The Inn facilities are adjacent to the Vega-Bray
Observatory, a privately owned amateur astronomical
observatory that also houses a small science museum,
classroom, and a planetarium.
This annual “Ground Hog Day” event is our favorite Vega-Bray Observatory/Skywatcher’s Inn in Benson, AZ, is owned & operated by Eduardo
opportunity to greet old and new friends. The festivities and Patricia Vega.
started at 5:00 p.m. with food and drink from Govinda’s;
they boast that they are the “finest pure vegetarian restaurant” in Tucson, and as far as we are concerned, they’re right! The open
house was scheduled to start at 5:00 p.m. and run until 7:00 p.m. as usual; however, the revelry continued well past 9:00 p.m.
because we were all having such a good time. We were fortunate to have seven out of our ten board members present at this
meeting, but Bill Hartmann, Alex Berman and Wes Huntress were greatly missed this year. If you haven’t been to a PSI open house,
you are missing out and are hereby cordially invited. We hope to see you next year! Get on our mailing list! Contact us in CA at
949-240-2010 or in AZ at 520-622-6300 (or
Mark Huber
In September 1999 I came to the Planetary Science Institute to continue my Ph.D. research with Steve Howell. To explain why, I
need to start at the beginning of my graduate career. In the fall of 1996, I entered the graduate program at the University of
Wyoming. There were several good reasons for attending the UW, principally to continue my pursuit in astronomy and physics, but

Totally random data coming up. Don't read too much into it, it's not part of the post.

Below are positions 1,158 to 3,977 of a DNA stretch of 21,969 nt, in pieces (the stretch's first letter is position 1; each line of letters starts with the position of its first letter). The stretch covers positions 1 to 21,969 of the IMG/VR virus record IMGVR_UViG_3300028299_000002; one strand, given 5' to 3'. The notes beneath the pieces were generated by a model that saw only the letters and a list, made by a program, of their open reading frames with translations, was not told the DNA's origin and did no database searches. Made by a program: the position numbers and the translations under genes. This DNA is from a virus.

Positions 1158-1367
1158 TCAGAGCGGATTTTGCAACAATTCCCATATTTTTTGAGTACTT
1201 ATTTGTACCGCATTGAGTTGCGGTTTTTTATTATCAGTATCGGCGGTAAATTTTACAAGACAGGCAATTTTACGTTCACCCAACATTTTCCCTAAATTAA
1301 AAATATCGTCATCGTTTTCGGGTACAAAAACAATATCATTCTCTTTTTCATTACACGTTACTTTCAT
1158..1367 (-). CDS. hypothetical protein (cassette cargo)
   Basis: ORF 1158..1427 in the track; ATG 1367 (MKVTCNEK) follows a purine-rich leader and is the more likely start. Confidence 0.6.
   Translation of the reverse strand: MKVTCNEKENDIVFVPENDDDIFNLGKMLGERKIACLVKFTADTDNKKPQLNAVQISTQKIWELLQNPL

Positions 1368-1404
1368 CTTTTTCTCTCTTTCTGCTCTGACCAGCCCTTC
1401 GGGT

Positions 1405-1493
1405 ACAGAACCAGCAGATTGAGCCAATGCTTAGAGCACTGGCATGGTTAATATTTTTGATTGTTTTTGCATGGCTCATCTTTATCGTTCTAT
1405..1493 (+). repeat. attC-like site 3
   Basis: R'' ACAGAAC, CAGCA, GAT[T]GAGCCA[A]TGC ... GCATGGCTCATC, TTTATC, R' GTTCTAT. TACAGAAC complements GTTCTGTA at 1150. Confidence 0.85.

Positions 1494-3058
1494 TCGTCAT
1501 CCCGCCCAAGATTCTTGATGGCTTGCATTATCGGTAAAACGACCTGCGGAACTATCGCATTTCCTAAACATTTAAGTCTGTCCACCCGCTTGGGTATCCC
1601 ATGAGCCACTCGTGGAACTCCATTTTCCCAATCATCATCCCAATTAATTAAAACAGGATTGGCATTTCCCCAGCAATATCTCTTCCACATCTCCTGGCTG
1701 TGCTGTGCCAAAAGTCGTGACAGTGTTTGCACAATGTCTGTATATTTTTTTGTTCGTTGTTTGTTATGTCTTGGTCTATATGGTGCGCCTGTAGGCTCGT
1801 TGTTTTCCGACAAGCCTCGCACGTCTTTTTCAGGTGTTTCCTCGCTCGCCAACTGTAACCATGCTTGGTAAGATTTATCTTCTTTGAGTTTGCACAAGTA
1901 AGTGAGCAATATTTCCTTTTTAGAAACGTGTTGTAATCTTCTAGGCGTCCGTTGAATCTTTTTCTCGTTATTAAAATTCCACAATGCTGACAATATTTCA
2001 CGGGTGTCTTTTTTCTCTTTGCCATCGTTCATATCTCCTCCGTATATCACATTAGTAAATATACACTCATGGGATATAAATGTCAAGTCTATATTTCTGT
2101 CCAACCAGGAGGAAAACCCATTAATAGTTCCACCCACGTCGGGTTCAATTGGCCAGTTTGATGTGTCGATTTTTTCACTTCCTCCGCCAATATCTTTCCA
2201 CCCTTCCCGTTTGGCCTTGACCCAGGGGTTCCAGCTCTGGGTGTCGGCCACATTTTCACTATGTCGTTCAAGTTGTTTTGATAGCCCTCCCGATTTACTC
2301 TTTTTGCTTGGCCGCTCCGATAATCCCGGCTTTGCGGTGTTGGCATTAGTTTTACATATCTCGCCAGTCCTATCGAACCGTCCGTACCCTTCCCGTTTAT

warnings of certain disaster for the department were looming. I was fortunate though; I entered just before the fall, and enjoyed
learning astronomy and physics from some great minds in the field.
Not more then a few hours after I had shown up at the department did I meet Steve Howell who has contagious enthusiasm. He had
some data for a project to study the cataclysmic variable V592 Cas, aka Fred. Even though the project was a small one and it took
me some time to publish the results, I found that I wanted to continue doing research in the field of cataclysmic variables with
Howell. Then a “can of worms” was opened when Howell introduced me to an ambitious group starting the Faint Sky Variability
Survey (visit the homepage at The primary goal of the survey is to explore the variability of faint
sources to new levels using the Wide-Field Camera on the Issac Newton Telescope on La Palma. With the group literally taking the
phrase “the sky's the limit”, objects in the solar system, the solar neighborhood, the galactic disk, the galactic halo, and out to distant
quasars are being studied. Since I began mining the survey, I have explored new areas of research including the search for the